Ban Iran from the Olympics

The Olympic games have a long history of making nice to brutal and anti-Semitic regimes—from the 1936 Olympics held in Nazi Germany, to the 1980 games in the USSR, to the fact that it took nearly half a century for the International Olympic Committee (IOC) to commemorate the murder of Jewish athletes at the 1972 Munich games. Likewise, the IOC has turned a blind eye to the way the Islamic Republic treats its own athletes. Emily Schrader argues that the IOC should ban Iran from competing:

Consider Navid Afkari, the Iranian wrestling champion. Afkari will never get to compete in the Olympics, despite being a world-class athlete, because he was murdered by the Iranian regime for opposing the government.

[Meanwhile, the Islamic Republic] has sent at least one . . . athlete to represent the country who also happens to have been an Iranian Revolutionary Guard Corps fighter in Syria from 2013 to 2015. Javad Foroughi, whom Iran claims is a nurse who learned to shoot only a few years ago, won the gold medal for men’s ten-meter air-pistol shooting last week. In an interview from earlier this year, he speaks candidly about how he was sent to Syria repeatedly and stationed near Damascus to “stand guard” in the midst of the Syrian civil war.

It’s not as if Iran conducts its business in a sportsmanlike fashion in any case—Iran has been throwing matches to avoid Israelis for years, repeatedly forcing athletes to resign rather than face Israeli athletes. In one of the most famous cases, the Iranian wrestler Saeed Mollaei threw a match in judo to avoid facing an Israeli, only to defect later and compete for another country after fleeing to Berlin.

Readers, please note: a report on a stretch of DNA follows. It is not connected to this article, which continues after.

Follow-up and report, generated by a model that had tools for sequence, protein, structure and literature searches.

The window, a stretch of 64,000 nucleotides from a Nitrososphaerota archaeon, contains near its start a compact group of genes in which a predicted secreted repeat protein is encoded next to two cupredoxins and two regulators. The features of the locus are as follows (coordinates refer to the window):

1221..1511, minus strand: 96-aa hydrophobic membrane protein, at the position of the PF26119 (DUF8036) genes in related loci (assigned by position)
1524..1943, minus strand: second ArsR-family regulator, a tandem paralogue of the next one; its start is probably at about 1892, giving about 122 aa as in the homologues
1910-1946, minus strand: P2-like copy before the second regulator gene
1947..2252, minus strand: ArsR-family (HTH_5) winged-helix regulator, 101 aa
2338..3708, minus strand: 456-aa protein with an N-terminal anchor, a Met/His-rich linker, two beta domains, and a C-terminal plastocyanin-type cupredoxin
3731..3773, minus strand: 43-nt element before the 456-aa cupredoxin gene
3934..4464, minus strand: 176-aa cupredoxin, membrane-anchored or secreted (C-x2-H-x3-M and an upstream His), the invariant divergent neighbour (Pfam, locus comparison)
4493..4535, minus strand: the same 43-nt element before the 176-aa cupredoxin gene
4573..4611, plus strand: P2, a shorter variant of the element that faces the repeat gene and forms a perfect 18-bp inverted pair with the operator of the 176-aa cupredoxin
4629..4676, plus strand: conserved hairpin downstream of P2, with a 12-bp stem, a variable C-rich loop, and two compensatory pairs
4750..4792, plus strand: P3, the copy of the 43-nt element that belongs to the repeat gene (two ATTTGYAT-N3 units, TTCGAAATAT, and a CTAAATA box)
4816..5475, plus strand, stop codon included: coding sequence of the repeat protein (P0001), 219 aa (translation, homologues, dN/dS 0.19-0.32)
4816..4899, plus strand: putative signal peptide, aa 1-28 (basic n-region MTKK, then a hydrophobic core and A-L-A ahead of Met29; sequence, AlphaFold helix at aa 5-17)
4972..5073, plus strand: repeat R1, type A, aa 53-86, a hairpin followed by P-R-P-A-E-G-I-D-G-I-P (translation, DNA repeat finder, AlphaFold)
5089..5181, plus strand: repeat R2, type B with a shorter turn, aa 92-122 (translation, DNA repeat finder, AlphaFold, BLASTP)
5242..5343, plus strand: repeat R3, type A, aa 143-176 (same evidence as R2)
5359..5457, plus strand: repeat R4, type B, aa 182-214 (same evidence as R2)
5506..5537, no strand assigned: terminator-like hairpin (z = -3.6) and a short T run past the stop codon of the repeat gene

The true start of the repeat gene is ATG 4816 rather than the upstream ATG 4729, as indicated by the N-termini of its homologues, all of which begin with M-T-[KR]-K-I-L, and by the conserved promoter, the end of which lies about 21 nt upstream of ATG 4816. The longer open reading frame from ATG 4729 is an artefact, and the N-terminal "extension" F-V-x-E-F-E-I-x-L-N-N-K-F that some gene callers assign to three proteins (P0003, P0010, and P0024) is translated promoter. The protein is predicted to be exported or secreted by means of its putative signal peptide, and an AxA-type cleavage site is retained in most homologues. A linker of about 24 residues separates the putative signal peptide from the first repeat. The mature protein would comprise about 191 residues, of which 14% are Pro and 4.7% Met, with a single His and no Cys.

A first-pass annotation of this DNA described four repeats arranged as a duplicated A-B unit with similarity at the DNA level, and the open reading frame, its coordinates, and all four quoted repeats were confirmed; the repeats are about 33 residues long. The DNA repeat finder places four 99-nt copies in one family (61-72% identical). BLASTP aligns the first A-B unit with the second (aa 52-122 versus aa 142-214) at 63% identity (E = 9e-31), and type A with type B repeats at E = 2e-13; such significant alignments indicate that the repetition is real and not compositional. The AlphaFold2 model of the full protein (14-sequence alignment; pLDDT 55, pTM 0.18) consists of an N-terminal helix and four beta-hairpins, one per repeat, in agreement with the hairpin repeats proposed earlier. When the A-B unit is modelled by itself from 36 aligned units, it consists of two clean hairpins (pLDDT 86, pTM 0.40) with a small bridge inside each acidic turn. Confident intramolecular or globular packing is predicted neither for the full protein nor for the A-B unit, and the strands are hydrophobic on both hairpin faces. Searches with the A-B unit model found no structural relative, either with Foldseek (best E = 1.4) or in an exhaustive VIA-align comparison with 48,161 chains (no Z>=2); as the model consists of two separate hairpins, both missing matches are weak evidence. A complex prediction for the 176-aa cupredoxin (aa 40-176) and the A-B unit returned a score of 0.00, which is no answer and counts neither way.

It is well known and documented . . . that the state of Iran violates every principle the Olympic games [claim to] represent. . . . The IOC must ban Iran from the Olympic games.

Read more at Jerusalem Post

More about: 1936 Olympics, Anti-Semitism, Iran, Munich Olympics, olympics


How to Save the Universities

To Peter Berkowitz, the rot in American institutions of higher learning exposed by Tuesday’s hearings resembles a disease that in its early stages was easy to cure but difficult to diagnose, and now is so advanced that it is easy to diagnose but difficult to cure. Recent analyses of these problems have now at last made it to the pages of the New York Times but are, he writes, “tardy by several decades,” and their suggested remedies woefully inadequate:

They fail to identify the chief problem. They ignore the principal obstacles to reform. They propose reforms that provide the equivalent of band-aids for gaping wounds and shattered limbs. And they overlook the mainstream media’s complicity in largely ignoring, downplaying, or dismissing repeated warnings extending back a quarter century and more—largely, but not exclusively, from conservatives—that our universities undermine the public interest by attacking free speech, eviscerating due process, and hollowing out and politicizing the curriculum.

The remedy, Berkowitz argues, would be turning universities into places that cultivate, encourage, and teach freedom of thought and speech. But doing so seems unlikely:

Having undermined respect for others and the art of listening by presiding over—or silently acquiescing in—the curtailment of dissenting speech for more than a generation, the current crop of administrators and professors seems ill-suited to fashion and implement free-speech training. Moreover, free speech is best learned not by didactic lectures and seminars but by practicing it in the reasoned consideration of competing ideas with those capable of challenging one’s assumptions and arguments. But where are the professors who can lead such conversations? Which faculty members remain capable of understanding their side of the argument because they understand the other side?

Read more at RealClearPolitics

More about: Academia, Anti-Semitism, Freedom of Speech, Israel on campus